Repair, Reuse, Recycle
Lesson Plan Sections
0 Ratings
Add to Favorite  

Repair, Reuse, Recycle

Jewish Value:

     Do Not Destroy

Lesson Summary:

This lesson comes from, a resource that offers philanthropy education resources that teach giving and civic engagement. This lesson is part of a unit called "This Land is Our Land." The unit s purpose is:  "This unit teaches young students a sense of responsibility to take care of the environment that G-d created. It also demonstrates that even young students have the power to contribute to the community. One main piece of this is the importance of recycling. Students not only learn about the environment and creation, but also perform acts that preserve the environment.

Focus Questions:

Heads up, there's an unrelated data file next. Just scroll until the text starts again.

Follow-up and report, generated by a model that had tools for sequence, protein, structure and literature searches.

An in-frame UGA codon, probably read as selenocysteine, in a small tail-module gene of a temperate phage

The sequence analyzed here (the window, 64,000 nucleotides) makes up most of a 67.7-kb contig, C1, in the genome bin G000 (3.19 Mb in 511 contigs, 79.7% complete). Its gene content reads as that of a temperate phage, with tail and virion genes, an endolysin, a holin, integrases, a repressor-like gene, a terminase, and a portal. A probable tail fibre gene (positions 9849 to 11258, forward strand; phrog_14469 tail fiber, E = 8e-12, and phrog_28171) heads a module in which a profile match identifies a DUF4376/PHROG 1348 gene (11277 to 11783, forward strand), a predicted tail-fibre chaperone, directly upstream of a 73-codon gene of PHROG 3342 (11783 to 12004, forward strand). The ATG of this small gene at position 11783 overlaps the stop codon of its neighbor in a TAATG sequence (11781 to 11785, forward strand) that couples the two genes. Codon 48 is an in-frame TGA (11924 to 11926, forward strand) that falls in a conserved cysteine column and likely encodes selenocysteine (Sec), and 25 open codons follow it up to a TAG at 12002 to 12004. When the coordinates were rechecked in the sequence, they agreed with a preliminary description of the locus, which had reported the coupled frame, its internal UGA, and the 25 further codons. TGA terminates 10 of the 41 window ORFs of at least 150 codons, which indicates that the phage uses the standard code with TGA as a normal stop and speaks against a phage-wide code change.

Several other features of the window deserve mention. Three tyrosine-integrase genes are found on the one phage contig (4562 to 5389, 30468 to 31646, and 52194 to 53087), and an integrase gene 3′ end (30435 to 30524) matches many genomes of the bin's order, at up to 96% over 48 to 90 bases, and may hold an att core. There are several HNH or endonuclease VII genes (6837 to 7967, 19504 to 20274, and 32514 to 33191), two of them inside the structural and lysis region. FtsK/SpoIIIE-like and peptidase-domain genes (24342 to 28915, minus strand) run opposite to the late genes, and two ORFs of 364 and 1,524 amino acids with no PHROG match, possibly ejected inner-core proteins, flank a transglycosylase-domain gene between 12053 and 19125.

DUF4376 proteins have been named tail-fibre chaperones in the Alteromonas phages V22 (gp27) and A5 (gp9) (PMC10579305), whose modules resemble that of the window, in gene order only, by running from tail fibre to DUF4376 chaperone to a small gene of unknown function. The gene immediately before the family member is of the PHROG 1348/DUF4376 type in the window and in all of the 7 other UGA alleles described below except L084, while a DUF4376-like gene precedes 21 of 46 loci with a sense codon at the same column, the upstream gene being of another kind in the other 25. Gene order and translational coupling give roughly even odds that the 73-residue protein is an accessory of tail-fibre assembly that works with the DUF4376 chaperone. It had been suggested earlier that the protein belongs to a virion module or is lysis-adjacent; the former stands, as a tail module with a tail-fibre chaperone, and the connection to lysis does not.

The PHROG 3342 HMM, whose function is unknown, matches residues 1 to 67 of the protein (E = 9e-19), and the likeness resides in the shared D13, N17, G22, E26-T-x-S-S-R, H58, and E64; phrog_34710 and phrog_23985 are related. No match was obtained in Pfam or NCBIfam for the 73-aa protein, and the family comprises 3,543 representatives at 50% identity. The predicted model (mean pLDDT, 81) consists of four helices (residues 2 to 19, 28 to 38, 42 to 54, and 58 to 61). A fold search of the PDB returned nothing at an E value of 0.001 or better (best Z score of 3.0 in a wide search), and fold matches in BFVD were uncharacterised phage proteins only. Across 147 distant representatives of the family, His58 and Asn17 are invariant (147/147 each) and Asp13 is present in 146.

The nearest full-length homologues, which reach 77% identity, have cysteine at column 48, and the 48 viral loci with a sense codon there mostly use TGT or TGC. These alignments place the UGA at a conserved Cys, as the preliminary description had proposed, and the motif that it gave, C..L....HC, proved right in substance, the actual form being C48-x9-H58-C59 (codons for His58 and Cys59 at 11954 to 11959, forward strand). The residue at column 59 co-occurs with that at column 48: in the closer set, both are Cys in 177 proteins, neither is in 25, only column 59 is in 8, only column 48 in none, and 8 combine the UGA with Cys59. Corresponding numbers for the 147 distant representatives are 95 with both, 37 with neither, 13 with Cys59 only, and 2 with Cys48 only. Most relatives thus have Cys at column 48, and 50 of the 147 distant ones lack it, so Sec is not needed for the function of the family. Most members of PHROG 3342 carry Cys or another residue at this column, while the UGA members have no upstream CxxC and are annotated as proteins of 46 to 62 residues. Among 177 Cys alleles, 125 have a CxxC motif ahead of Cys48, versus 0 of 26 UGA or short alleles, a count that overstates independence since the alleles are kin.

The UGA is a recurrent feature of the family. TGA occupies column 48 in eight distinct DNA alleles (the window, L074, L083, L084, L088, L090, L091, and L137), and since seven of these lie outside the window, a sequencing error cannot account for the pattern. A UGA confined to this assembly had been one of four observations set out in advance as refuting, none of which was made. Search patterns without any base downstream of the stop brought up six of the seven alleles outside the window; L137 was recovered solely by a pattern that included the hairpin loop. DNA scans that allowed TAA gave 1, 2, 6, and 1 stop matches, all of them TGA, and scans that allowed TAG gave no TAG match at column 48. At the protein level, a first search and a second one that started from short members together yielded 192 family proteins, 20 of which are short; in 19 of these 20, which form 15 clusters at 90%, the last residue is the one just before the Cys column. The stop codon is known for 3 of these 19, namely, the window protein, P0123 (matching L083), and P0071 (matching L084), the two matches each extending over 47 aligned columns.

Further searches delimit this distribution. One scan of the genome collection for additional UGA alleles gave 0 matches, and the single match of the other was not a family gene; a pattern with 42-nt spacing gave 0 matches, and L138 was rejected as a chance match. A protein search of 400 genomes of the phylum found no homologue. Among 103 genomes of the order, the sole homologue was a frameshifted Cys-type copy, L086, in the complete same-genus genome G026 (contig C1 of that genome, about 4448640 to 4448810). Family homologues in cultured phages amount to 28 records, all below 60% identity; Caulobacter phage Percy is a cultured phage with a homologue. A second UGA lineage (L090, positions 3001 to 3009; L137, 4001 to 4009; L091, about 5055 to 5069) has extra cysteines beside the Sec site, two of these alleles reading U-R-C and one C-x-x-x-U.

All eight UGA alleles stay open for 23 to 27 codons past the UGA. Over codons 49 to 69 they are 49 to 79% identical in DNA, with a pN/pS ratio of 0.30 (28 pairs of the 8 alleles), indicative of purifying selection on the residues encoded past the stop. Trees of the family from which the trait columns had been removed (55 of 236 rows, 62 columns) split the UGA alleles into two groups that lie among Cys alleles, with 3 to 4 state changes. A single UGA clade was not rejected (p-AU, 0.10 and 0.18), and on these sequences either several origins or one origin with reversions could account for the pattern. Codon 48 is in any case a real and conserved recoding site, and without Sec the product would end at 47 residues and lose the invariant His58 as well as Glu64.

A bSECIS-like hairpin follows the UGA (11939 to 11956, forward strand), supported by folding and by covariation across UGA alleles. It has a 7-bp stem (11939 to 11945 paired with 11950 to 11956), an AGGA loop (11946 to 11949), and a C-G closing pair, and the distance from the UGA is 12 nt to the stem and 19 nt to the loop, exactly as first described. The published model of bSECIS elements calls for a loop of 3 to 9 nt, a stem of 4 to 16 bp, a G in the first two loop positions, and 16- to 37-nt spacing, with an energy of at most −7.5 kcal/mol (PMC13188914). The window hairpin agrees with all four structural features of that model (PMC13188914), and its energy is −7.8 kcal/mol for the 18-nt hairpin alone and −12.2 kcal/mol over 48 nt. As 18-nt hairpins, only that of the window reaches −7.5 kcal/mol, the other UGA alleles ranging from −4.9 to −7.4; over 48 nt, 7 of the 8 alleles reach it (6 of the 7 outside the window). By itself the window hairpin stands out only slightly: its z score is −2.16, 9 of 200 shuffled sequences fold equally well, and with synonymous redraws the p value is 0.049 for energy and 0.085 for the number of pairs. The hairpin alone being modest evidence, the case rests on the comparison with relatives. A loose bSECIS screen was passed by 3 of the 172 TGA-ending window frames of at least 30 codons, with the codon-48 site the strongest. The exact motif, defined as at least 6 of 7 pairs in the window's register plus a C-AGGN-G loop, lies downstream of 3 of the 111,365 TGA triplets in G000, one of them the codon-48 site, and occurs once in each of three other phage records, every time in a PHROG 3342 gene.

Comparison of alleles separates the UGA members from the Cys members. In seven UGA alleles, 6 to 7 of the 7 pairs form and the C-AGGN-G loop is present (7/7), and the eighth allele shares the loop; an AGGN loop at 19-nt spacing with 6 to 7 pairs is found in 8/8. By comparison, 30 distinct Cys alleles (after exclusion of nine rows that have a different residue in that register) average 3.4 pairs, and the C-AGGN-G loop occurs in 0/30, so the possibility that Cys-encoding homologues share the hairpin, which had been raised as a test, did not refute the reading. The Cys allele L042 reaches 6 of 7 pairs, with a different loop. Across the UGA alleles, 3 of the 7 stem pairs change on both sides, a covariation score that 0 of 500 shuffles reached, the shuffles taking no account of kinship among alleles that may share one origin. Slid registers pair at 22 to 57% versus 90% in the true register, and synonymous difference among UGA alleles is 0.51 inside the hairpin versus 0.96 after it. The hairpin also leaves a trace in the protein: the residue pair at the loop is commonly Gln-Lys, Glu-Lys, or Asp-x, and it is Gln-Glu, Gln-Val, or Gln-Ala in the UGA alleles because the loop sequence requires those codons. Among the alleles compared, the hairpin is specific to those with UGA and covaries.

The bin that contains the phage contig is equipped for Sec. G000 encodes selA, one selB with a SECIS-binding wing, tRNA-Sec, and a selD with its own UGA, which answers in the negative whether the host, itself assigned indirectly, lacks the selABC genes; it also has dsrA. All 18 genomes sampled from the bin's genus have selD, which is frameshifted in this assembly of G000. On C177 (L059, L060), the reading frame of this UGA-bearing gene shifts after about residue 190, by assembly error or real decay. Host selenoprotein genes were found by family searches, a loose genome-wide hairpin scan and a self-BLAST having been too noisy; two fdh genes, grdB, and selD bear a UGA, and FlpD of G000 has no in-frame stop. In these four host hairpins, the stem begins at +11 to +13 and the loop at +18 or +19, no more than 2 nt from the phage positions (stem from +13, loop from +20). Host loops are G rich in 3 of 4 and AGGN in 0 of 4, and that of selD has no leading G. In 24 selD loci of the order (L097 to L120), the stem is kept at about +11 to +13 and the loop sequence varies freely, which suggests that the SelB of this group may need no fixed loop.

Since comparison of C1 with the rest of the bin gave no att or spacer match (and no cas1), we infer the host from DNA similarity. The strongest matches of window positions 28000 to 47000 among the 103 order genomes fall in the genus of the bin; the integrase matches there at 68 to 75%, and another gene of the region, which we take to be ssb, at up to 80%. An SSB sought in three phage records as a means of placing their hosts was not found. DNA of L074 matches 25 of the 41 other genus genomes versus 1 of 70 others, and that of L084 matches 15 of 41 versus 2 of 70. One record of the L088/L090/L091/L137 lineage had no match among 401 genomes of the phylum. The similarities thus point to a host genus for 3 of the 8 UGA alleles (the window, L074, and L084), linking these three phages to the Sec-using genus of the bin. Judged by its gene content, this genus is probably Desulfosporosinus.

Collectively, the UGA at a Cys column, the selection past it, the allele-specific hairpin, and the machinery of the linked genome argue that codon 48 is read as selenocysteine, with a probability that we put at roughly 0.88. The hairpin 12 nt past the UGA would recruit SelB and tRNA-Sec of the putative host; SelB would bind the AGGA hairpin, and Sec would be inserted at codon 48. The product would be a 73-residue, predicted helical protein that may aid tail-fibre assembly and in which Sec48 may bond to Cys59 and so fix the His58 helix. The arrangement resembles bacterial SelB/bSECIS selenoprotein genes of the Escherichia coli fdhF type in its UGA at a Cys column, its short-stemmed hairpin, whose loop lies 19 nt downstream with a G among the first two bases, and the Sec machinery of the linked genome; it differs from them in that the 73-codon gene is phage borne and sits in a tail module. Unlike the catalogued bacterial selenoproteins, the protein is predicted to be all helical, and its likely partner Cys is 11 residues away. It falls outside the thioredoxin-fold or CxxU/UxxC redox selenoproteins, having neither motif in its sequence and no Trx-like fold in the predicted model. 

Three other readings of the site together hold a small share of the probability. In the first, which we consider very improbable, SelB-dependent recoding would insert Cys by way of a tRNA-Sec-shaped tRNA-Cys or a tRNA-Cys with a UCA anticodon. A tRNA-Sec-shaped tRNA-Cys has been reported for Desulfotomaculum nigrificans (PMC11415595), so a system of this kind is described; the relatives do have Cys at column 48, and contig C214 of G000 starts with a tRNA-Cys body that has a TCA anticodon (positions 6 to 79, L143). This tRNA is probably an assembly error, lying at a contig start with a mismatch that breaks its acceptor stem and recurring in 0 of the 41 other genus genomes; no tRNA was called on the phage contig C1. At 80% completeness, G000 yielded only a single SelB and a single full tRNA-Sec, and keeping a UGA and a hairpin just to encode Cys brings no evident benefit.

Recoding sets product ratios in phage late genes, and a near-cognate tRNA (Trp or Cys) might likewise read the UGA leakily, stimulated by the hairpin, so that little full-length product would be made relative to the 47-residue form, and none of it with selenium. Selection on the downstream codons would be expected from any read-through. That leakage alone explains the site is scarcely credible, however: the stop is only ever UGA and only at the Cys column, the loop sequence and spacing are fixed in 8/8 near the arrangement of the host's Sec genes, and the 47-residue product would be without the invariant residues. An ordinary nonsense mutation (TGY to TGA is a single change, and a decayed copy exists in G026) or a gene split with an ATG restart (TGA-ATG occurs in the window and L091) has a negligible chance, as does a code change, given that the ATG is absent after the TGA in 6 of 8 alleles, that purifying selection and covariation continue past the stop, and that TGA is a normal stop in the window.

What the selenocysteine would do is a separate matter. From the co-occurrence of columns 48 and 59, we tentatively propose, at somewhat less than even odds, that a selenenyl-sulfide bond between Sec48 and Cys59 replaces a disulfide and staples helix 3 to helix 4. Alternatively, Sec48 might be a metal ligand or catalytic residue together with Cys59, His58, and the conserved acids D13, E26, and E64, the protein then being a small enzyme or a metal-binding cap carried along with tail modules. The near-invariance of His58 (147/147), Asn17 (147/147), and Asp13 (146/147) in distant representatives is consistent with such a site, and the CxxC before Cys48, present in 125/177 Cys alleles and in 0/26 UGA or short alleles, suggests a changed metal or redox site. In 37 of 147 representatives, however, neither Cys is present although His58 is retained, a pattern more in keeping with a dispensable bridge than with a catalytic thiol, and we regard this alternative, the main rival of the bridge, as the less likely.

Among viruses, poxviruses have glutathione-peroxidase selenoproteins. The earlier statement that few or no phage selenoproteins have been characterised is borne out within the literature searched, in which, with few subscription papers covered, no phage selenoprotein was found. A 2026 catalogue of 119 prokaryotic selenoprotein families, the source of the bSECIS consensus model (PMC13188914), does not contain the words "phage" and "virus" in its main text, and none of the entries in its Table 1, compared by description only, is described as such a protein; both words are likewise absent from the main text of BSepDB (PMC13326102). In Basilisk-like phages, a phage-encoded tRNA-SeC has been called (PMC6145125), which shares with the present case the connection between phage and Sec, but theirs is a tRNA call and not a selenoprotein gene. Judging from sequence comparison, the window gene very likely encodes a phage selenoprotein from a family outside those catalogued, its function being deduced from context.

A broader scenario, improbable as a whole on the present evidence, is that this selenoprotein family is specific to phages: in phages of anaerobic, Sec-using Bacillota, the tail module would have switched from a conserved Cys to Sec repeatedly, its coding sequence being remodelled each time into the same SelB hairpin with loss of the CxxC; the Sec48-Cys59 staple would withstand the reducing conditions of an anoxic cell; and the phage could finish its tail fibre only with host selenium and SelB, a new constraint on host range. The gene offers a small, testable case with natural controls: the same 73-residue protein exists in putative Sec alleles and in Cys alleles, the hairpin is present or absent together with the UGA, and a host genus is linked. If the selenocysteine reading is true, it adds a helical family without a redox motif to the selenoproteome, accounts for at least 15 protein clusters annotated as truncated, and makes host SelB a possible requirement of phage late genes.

• What is the connection between creation and taking care of the environment?
  • Why is it important to take care of the environment?
  • What is my role in caring for the environment? "
The purpose stated on the site for this lesson is:
"This lesson guides students to recognize the importance of taking care of the world by reducing trash. Students will recognize the benefits of recycling and reusing."


"In this lesson, the learner will:

  • explain how Joseph, in Joseph Had a Little Overcoat, didn’t let his clothing go to waste.
  • recognize the benefits to the environment by repairing, reusing, and recycling rather than throwing things away.
  • demonstrate creativity in reusing old objects by turning them into new objects."

Be Inspired:The ideas included are offered as starting points as you and your students explore, discover and live the lessons. Be sure to elicit and encourage student and parent participation, consistently reinforcing the value being addressed. Allow lessons to authentically develop and change based on engagement and interests.

Lesson Plan Components

For the educatorJewish Thought, Text, and Traditionsmore

Background information on this value: